The government ran an estimated $374 billion deficit (search) for the federal fiscal year that just ended, more than double last year's red ink, the Congressional Budget Office (search) said Thursday.

The projection by the nonpartisan office, which analyzes fiscal matters for lawmakers, easily surpasses the record $290 billion shortfall of 1992. It also underscores that federal red ink - and the weak economy that helped cause it - are sure to remain in the political spotlight as the 2004 presidential and congressional elections approach.

"The administration's tax cuts and budget policies have not created jobs as promised, but they have created huge deficits that will stifle growth in the future and burden our children and grandchildren with debt," the House Budget Committee's top Democrat, Rep. John Spratt of South Carolina, said in a statement.

On Wednesday, White House budget director Joshua Bolten (search) told reporters that the 2003 shortfall would be "comfortably under $400 billion." White House budget office spokesman Trent Duffy said President Bush remained on track to cut deficits in half over the next five years by slowing federal spending and stimulating the economy.

"The focus now is on creating jobs, and we're seeing signs the economy is gathering strength," he said.

Final figures for fiscal 2003, which ran through Sept. 30, should be available later this month. The budget office's estimate was based on preliminary data from the Treasury Department.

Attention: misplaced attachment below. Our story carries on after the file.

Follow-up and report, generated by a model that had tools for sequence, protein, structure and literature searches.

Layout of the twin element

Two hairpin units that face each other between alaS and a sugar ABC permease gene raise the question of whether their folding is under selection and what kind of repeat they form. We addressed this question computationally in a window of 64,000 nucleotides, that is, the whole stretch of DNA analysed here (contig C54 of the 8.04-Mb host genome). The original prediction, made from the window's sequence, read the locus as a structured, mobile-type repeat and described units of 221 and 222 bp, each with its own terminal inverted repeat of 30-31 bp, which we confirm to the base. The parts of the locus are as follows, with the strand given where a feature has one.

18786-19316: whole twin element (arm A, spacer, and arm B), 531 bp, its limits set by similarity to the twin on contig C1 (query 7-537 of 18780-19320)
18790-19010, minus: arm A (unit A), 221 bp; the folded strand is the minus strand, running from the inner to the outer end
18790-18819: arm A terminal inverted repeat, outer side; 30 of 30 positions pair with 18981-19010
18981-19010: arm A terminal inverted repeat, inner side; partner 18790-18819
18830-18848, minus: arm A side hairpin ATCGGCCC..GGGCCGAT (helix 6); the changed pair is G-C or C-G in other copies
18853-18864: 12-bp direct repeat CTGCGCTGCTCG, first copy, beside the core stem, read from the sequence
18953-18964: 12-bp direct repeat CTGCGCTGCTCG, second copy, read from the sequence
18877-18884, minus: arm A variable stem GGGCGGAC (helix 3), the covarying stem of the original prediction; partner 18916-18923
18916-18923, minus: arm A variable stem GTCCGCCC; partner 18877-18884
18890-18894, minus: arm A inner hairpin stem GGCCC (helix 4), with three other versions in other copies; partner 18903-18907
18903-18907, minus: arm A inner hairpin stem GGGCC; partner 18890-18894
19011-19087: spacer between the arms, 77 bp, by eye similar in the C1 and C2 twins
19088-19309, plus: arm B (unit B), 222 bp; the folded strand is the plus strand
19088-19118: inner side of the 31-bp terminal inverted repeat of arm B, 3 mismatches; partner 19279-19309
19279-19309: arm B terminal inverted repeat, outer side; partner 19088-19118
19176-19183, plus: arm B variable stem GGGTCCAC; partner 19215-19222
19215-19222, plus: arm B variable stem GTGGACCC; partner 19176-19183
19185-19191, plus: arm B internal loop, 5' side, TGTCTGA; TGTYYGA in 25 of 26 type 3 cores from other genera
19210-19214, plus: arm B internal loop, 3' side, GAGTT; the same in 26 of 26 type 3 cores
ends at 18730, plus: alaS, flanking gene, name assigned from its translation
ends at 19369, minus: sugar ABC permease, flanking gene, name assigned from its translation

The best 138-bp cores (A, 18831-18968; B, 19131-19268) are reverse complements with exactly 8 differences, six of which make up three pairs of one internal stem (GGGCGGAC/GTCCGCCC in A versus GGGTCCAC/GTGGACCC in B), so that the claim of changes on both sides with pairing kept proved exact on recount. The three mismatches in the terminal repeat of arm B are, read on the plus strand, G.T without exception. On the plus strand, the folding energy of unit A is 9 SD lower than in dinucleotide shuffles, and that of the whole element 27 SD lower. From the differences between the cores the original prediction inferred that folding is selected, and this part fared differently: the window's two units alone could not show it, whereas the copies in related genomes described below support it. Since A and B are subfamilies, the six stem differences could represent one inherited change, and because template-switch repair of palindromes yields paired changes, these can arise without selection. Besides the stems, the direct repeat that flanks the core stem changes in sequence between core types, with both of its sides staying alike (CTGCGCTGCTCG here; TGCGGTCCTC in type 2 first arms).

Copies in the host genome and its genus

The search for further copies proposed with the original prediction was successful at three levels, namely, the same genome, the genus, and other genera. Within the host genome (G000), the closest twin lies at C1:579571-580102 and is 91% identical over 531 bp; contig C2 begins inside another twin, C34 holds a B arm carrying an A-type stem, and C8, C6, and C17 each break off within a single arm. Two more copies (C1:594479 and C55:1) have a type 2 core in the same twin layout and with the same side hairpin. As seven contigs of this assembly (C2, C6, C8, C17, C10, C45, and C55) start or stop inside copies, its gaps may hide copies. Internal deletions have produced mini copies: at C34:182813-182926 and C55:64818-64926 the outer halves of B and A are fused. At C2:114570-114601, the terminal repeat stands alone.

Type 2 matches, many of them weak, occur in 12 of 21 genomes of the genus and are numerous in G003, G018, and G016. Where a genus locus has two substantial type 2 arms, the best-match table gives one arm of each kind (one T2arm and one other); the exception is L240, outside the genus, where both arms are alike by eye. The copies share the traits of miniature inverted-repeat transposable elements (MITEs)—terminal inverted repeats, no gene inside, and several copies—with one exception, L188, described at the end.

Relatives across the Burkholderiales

The estimate was released a day after the White House's Duffy and the Congressional Budget Office's director, Douglas Holtz-Eakin, suggested that the shortfall seemed likely to be in the $380 billion range.

Last summer, the White House projected a 2003 shortfall of $455 billion, while the congressional office estimated one of $401 billion.

The Congressional Budget Office attributed the improved performance to higher than expected revenue collections, especially corporate income taxes. Spending for defense, education, and Medicaid was a bit lower than expected, the congressional office said.

A performance that was better than expected would be a departure from the past two years, when actual figures have been worse than projections from both the White House and the nonpartisan Congressional Budget Office.

Even so, the government is still staring at a gloomy long-term fiscal prognosis that envisions huge annual deficits, including red ink approach $500 billion for 2004.

A $374 billion deficit for 2003 would be 3.5 percent of the U.S. economy - below the 5 percent and 6 percent ratios during some of the worst years of the 1980s and early 1990s.

Four straight years of federal surpluses ended in 2002, when there was a $158 billion deficit.